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tv   Washington Journal Greg Bluestein  CSPAN  April 13, 2021 12:16am-12:48am EDT

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quack -- quack -- >> a congressional tribute to officer evans at 11:00 a.m.. the house returned to cap the gestation -- to take up ledgers nation. at noon the senate is back to work on the nomination of deputy secretary of transportation. on cspan3 at 10:00 the trial of derek chauvin continues. on our website at 9:30 a.m.m the senate armed services committee looks at budgeting
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requests. at 2 p.m., the senate appropriations subcommittee looks at the 2022 budget for the national science foundation. host: joining us from atlanta is greg bluestein, he covers politics for the atlanta journal constitution. thank you for being on c-span. guest: thank you for having me. host: let's talk about the new voting law signed by governor kemp. it would remove the secretary of state from that states election board, shorten the time to request absentee ballots, requiring voter ids for all mail-in ballots, ban food and water distribution within 25 feet of voters, although you are allowed to bring your own as you wait in line. it mandates one drop per county, 23 in the more populous counties.
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it reduces the number of days allowed for absentee voting from 180 to 78. saturday and sunday voting requires two of them about. it also bans mobile voting centers such as rv's. why was this law put in place? guest: that is the question lawmakers and politicians and voters are grappling with right now in georgia because of the sharp fallout of this package of legislation. republicans say these are needed changes to restore the integrity and confidence in the vote in georgia, and that some of the changes were spurred from the 2018 election in georgia, needed political will to be passed. what democrats eagerly point out is that crisis of confidence was rooted in president donald trump's falsehoods about election fraud in georgia and other battleground states, and that that is what prompted this crisis of confidence.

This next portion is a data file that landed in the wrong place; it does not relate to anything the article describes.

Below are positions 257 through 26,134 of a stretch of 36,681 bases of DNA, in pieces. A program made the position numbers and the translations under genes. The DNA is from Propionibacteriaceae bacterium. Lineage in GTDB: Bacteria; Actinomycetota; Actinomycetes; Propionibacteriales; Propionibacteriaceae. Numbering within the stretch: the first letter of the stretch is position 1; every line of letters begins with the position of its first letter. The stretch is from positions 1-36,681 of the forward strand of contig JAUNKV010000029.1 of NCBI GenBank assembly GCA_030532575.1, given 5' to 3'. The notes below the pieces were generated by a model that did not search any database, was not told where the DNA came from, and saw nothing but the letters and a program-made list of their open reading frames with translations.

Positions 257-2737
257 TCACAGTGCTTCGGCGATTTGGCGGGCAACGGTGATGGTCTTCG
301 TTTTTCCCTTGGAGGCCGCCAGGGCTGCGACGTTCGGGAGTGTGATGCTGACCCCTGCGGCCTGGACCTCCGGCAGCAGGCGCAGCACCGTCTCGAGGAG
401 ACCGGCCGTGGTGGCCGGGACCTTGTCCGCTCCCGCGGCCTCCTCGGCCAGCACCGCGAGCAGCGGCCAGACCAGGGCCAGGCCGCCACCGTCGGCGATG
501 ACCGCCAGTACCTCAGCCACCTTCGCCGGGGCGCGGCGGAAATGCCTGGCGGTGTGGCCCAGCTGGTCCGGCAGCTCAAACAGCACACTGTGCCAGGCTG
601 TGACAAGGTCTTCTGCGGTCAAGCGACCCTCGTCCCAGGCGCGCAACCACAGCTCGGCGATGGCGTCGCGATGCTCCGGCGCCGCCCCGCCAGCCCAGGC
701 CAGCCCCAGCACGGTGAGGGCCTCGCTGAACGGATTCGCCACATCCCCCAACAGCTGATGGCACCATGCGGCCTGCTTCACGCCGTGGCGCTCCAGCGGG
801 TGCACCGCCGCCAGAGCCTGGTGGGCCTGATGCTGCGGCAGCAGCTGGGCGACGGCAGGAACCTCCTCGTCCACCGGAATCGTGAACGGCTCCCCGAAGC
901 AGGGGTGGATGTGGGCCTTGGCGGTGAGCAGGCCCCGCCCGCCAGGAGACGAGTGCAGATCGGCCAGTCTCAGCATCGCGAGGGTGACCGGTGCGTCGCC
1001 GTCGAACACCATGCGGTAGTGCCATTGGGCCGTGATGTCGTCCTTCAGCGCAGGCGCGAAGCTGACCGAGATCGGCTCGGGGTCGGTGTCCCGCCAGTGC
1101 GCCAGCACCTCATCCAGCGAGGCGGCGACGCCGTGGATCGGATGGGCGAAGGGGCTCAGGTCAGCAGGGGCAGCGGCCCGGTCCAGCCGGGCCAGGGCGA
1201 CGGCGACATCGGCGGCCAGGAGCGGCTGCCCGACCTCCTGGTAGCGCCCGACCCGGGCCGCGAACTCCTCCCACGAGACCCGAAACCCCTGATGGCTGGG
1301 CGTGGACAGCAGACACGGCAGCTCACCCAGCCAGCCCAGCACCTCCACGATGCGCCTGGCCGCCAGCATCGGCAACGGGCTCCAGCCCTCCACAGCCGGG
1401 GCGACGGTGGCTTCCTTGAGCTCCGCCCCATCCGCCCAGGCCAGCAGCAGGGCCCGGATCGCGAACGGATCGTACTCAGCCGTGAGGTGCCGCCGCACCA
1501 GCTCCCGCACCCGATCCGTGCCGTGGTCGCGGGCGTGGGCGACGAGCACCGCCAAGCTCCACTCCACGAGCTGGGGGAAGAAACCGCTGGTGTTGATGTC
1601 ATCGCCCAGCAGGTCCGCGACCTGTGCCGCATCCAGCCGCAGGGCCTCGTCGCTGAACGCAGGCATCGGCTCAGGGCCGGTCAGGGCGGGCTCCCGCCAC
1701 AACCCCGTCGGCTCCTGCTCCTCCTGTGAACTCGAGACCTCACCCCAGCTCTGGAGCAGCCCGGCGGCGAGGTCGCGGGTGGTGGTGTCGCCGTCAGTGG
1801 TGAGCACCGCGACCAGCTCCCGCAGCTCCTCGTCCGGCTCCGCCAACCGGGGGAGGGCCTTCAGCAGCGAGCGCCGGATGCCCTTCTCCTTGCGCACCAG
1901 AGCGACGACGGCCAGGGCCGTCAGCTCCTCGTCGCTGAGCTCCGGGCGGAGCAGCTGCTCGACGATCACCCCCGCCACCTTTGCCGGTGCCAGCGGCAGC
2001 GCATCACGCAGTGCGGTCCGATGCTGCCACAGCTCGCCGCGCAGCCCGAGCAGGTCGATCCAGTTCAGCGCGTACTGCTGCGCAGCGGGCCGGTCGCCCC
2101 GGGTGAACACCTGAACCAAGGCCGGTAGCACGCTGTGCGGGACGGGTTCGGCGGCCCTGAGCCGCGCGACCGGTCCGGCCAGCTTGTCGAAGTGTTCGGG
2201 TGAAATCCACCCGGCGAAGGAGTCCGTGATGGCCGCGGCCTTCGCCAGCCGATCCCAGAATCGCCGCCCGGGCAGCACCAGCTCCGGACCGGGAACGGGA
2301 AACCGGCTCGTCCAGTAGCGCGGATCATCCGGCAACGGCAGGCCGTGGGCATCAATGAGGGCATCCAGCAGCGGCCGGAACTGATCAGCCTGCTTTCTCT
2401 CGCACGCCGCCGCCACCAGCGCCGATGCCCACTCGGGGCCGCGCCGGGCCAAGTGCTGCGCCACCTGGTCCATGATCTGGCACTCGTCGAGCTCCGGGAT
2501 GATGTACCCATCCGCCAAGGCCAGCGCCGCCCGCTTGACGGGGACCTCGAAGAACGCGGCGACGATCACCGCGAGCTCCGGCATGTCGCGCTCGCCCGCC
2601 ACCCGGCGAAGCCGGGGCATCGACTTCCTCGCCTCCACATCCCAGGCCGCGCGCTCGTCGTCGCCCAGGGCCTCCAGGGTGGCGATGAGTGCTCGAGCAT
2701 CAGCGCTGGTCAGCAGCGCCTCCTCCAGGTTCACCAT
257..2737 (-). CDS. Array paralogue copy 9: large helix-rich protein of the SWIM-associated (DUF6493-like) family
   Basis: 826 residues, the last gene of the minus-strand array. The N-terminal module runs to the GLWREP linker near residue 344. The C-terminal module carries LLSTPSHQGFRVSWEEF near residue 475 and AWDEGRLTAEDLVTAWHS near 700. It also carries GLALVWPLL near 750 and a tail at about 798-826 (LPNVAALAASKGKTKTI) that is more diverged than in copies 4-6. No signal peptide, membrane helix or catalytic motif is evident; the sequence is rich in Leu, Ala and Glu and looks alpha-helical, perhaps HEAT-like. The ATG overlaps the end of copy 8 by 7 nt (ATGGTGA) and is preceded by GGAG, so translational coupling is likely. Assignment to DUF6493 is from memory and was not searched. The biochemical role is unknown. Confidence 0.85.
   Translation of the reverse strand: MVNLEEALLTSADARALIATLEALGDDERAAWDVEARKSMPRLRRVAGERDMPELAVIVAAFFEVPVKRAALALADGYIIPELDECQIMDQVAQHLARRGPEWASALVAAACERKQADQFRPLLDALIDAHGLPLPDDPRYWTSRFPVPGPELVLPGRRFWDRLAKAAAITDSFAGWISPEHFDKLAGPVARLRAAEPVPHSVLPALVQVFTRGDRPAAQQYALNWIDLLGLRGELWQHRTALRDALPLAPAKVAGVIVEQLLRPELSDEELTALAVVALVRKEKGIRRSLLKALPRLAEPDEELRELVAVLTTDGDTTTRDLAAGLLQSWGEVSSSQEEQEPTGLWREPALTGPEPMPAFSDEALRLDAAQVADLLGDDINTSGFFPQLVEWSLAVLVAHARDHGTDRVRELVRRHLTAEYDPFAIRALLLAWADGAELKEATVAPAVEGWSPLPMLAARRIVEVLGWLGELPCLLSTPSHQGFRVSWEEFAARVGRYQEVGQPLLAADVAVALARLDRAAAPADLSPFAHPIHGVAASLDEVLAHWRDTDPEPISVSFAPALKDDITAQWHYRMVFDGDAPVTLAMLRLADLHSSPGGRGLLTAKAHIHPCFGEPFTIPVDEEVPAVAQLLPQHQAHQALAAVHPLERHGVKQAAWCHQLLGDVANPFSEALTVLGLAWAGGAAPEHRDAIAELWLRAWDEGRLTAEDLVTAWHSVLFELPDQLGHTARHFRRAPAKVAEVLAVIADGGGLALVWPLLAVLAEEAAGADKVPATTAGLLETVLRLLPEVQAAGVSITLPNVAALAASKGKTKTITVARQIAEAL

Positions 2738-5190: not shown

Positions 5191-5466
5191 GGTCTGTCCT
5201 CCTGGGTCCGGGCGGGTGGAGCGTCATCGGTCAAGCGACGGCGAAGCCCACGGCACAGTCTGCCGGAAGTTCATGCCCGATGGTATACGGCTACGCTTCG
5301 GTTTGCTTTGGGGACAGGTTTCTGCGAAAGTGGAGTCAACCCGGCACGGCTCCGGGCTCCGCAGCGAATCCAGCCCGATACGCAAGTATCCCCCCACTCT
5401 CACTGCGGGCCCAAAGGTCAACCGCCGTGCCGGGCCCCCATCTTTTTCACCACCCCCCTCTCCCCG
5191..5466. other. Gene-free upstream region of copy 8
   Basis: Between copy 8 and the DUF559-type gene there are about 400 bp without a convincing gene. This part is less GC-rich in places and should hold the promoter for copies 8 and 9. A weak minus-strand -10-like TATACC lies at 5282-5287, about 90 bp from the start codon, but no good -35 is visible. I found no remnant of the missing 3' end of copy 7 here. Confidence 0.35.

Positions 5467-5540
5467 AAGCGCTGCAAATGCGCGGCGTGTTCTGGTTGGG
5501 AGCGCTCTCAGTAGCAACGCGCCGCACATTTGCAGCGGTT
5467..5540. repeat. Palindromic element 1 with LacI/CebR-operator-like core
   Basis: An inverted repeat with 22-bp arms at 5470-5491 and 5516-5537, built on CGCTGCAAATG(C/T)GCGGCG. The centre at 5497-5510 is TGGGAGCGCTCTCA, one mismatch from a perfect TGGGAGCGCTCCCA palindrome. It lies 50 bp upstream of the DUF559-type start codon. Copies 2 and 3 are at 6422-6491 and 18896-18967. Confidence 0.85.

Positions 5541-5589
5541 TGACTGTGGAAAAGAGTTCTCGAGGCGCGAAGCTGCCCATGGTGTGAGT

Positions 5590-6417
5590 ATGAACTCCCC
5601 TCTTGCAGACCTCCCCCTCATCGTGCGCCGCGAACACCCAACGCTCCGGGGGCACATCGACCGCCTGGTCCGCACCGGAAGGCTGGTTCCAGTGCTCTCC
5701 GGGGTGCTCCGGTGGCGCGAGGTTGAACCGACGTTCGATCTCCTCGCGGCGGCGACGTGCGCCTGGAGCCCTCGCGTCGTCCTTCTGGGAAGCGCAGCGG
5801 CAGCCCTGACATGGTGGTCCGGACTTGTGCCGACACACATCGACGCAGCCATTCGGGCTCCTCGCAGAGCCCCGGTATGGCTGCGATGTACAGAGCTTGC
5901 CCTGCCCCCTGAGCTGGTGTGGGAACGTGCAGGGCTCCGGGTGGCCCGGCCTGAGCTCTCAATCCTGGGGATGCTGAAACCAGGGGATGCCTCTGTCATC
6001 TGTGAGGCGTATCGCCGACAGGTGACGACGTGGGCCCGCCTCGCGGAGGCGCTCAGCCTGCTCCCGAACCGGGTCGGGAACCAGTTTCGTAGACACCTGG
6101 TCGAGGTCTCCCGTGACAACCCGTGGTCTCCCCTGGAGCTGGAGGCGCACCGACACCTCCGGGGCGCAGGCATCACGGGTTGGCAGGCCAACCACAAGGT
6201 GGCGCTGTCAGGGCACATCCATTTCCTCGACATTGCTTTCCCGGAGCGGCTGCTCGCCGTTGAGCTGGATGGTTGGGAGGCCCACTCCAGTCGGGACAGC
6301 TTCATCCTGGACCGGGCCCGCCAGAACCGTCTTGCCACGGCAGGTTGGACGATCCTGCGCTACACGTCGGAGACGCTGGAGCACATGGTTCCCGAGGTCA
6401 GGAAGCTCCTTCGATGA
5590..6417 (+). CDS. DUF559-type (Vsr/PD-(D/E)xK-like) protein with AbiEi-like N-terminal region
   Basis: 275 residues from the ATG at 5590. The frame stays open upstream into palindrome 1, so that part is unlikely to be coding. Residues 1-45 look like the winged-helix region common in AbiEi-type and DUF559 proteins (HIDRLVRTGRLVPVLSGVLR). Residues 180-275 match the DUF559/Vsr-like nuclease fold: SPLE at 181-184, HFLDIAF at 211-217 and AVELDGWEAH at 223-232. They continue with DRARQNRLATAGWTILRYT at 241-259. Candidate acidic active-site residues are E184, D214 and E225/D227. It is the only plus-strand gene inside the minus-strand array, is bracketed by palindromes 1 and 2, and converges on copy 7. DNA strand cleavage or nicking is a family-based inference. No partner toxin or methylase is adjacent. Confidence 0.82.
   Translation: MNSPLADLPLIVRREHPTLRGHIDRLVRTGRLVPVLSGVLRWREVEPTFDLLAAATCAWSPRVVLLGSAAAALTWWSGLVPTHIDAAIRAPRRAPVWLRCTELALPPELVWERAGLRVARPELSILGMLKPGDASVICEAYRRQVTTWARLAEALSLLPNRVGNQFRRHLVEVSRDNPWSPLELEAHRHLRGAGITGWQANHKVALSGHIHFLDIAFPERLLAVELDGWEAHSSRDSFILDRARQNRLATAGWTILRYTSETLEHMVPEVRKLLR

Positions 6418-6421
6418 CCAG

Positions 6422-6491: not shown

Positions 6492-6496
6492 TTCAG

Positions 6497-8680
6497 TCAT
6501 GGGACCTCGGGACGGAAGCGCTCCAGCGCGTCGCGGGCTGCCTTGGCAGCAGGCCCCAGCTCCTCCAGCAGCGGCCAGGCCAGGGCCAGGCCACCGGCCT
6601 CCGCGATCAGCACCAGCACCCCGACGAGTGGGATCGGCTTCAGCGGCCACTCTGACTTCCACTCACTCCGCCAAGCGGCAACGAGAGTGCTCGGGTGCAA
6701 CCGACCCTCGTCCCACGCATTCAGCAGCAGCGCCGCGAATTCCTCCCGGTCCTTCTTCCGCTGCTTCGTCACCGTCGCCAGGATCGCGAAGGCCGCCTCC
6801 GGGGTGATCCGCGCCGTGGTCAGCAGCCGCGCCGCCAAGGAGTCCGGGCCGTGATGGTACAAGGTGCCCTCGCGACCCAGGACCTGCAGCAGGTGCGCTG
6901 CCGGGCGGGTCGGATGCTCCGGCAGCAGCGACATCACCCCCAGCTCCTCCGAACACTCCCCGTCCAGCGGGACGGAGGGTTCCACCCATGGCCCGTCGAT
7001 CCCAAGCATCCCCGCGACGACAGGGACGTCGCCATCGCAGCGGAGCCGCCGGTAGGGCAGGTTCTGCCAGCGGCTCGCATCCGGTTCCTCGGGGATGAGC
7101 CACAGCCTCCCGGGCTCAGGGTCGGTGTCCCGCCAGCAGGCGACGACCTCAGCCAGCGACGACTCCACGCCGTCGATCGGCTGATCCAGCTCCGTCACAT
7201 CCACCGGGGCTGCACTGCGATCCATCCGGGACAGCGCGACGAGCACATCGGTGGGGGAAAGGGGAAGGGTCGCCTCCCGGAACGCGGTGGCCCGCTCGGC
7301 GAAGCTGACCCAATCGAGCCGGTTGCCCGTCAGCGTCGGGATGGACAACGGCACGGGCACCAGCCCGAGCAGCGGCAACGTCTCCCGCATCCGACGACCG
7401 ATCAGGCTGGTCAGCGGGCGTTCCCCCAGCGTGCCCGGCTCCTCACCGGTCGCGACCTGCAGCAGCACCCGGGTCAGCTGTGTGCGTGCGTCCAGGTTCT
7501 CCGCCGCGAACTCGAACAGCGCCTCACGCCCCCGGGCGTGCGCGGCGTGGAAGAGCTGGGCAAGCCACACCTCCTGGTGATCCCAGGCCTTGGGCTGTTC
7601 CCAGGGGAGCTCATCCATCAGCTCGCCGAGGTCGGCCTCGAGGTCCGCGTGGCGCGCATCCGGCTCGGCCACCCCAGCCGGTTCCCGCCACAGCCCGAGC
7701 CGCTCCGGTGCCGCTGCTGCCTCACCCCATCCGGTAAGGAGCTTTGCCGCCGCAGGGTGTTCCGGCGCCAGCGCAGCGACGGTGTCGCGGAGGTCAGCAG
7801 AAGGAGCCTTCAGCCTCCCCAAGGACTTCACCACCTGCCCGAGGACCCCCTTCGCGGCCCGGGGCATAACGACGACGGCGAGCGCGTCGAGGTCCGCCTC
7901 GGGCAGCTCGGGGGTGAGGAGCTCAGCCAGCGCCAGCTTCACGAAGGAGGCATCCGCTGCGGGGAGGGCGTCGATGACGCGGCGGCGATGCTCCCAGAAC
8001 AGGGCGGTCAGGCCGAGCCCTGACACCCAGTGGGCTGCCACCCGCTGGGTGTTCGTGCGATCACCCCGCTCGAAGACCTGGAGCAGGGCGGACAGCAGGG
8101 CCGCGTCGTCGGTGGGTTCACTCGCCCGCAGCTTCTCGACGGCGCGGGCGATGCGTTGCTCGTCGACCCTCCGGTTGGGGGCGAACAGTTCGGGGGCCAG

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there are some changes that are contingency driven but a lot of these changes are not, and amounts to more obstacles to vote for people who in the last election cycle embraced absentee voting, some of the newer technologies, methods to vote like ballot drop boxes, which will be severely limited under this new law. host: that led major league baseball to pull the all-star game from atlanta, now taking place at coors field in denver, colorado. pressure from companies based in georgia like delta and coca-cola. can you explain? guest: as the pressure mounted from activists, voting rights activists from democrats and other critics of the law, pressure focused on george's major corporations to speak out against these changes. in other states, too, but in
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georgia, business groups play an outsized role in civic debates. in the last few years, coca-cola, all of these atlanta-based fortune 500 companies have had a seat at the table for major decisions not only involving their bottom line but infrastructure, reputational programs, religious liberty debate, tax hikes, all of those things they have played a seminal role. now you have activists saying voting rights is a fundamental issue for american democracy. where are you on this debate? many of them sidestepped it, many of them still are, mild statements about how they support fairness and integrity at the ballot box. but one week after governor kemp signed this action into law, delta and coca-cola, two of the city's namebrand corporate firms, both come out on the same day with very staunch statements